The lone suspect arrested in the killing of two Scandinavian tourists in Morocco's Atlas Mountains is connected to a terrorist group, and three other suspects are on the run, Moroccan authorities said Wednesday. State television 2M reported on its website that authorities consider the two women's slayings a terrorist act. Local media reported that the suspects had links to the Islamic State group, the AP reports. The women, who were from Denmark and Norway, were discovered stabbed in the neck Monday by other tourists, who alerted police, according to national media. Hiking in the area was temporarily suspended. The killings have shocked Morocco, a popular tourist destination where such attacks on foreigners are extremely rare; the country is generally considered safe for tourists and is a key ally of the United States and Europe in the fight against terrorism.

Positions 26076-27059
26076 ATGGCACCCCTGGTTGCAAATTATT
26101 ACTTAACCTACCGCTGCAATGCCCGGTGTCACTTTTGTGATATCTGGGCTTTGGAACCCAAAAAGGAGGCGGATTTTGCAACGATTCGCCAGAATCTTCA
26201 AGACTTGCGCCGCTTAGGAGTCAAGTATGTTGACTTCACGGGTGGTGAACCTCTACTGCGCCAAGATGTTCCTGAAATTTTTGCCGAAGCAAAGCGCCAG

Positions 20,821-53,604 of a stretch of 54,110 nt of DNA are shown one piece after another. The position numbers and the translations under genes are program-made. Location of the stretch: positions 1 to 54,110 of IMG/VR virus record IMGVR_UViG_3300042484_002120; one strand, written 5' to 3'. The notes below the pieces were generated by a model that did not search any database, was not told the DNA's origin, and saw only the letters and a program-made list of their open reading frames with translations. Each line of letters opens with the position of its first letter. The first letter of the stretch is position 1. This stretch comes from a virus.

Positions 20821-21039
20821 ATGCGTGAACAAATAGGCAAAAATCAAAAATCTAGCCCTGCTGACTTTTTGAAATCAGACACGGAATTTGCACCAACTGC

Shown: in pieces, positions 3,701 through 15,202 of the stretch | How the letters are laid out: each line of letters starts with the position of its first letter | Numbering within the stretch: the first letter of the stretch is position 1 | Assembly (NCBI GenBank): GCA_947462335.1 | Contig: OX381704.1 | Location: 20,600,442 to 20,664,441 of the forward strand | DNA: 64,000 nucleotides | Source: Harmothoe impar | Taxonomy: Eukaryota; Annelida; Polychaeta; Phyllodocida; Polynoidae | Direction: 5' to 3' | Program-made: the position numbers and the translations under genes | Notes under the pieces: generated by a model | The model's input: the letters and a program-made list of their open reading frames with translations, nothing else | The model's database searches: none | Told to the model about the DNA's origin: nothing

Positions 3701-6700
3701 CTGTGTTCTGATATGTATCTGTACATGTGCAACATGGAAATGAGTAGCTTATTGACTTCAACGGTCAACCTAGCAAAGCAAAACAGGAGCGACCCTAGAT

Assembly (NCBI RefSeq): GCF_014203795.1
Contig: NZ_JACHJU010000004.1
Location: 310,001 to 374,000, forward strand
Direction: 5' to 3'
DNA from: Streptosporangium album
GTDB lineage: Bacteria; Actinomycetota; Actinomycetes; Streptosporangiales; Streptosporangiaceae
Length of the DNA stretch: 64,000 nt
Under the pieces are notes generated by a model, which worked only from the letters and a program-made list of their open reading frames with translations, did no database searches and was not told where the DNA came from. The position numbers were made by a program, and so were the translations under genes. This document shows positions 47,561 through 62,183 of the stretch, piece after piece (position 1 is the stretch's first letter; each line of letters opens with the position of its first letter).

The Rabat public prosecutor's office said in a statement Wednesday that the only captured suspect has affiliations to a terrorist group, without naming the group. The suspect was arrested in Marrakech on Tuesday. The remote mountainous region where the women were found dead is 6.2 miles from the village of Imlil—often the starting point for treks to Mount Toubkal, North Africa's highest peak. Moroccan media outlets reported that investigators have video surveillance footage showing three suspects putting up a tent near the victims' tent and leaving the area after the slaying. The women have been identified as Maren Ueland, 28, and Louisa Vesterager Jespersen, 24, both of whom were students at the University of South-Eastern Norway. "What we know is that they were on a monthlong, private holiday in Morocco," the university said on its home page. (Another young tourist was murdered in New Zealand just after starting what was supposed to be a yearlong trip.)